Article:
Calls to authorities to regulate energy drinks are becoming more and more fervent now that other countries are taking their own steps to regulate the industry and the Food and Drug Administration has released information pertaining to reports of fatalities following the consumption of energy drinks.
Earlier this week, the FDA released documentation showing that they had received five incident reports in which someone died after drinking Monster Energy. A link between the drink and the fatalities has not been proven at this time, and Monster contends that there in fact is no evidence that shows their product is not safe for consumption.
But one mother disagrees. Her teenage daughter died last December shortly after consuming two cans of Monster within a 24 hour period. The death was due to a heart arrhythmia that occurred shortly thereafter. She has filed a lawsuit against the Corona-based company, and it was this same person whose Freedom of Information Act request led to the reports mentioned above being released.
If some type of regulation gets passed, which is exactly what’s being urged by members of Congress, the move would not be without precedent. Various countries are looking into what they can do to limit caffeine levels in such drinks, which typically are not listed or required to be listed.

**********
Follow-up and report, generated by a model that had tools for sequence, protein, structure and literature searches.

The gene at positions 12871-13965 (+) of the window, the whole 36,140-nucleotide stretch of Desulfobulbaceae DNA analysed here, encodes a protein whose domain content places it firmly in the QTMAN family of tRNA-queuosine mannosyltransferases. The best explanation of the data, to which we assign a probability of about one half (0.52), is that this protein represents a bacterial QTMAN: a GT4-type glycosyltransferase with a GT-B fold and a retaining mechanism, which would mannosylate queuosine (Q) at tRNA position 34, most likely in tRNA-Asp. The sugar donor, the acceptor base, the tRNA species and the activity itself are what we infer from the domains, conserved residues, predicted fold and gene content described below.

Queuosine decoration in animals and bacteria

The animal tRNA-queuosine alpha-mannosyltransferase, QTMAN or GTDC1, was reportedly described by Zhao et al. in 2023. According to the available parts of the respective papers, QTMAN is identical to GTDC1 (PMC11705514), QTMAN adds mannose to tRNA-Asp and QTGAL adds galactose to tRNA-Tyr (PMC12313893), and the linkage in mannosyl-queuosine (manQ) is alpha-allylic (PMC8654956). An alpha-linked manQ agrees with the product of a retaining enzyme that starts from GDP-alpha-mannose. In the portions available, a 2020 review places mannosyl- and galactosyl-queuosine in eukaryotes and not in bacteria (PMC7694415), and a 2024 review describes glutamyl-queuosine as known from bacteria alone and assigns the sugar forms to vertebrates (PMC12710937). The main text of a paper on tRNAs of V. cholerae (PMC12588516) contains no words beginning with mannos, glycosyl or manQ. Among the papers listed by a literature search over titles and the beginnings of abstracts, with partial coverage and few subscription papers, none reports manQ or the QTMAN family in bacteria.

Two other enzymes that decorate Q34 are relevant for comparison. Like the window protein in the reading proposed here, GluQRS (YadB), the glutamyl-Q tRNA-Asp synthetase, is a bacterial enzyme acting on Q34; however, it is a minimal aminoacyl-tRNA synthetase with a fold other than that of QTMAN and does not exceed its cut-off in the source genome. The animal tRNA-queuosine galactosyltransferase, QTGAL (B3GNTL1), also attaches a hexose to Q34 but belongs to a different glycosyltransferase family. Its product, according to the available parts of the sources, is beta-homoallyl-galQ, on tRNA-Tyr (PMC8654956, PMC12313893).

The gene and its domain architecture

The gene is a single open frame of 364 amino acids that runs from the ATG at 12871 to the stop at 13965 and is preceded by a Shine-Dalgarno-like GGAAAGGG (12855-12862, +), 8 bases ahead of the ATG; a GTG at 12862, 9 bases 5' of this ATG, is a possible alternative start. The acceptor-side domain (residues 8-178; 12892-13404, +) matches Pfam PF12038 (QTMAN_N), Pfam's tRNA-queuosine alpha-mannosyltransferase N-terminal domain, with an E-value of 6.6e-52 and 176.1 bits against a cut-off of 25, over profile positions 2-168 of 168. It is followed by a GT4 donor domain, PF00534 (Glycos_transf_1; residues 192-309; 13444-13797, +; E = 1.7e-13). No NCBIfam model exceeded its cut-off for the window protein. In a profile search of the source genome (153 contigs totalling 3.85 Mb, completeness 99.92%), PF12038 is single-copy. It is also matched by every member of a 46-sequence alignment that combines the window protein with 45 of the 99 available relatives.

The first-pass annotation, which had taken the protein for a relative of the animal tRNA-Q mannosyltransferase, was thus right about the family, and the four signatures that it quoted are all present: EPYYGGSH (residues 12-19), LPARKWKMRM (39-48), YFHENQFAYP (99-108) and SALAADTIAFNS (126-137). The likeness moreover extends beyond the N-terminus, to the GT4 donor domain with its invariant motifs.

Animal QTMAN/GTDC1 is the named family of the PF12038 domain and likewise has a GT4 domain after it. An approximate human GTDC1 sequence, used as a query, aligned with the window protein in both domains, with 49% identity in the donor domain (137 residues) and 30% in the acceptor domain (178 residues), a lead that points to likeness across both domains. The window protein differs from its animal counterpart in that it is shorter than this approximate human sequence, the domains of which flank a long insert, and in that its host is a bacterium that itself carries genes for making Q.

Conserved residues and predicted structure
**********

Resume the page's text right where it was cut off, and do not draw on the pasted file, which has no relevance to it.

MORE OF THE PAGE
Canada is one country cracking down on levels of caffeine. At the end of this year, all energy drinks will be required to hold their caffeine amount below 180 milligrams. That means that products like Red Bull and Monster will have to reduce their current level of caffeine in order to be sold to Canadian customers.
Even though many medical professionals believe that a healthy adult would have no problem taking in up to 400 milligrams of caffeine on a daily basis, the effect of so much caffeine on a teenager is more in question. And persons with heart conditions might be more susceptible to certain risks. An expert on caffeine from Johns Hopkins states that heightened amounts of caffeine consumption by a teenager could at least lead to shifts in mood and behavior as they get lifted up but then crash back down.
Right now, no regulatory policies exist for energy drinks in this country. The FDA’s dietary supplement division’s director says that even the label ‘energy drink’ is simply a marketing term. But with reportedly more than 12,000 emergency room visits connected to energy drink usage in 2009, and the industry beginning to outpace even soda sales in some areas, many people think that regulators in the United States might soon need to step in to protect American consumers.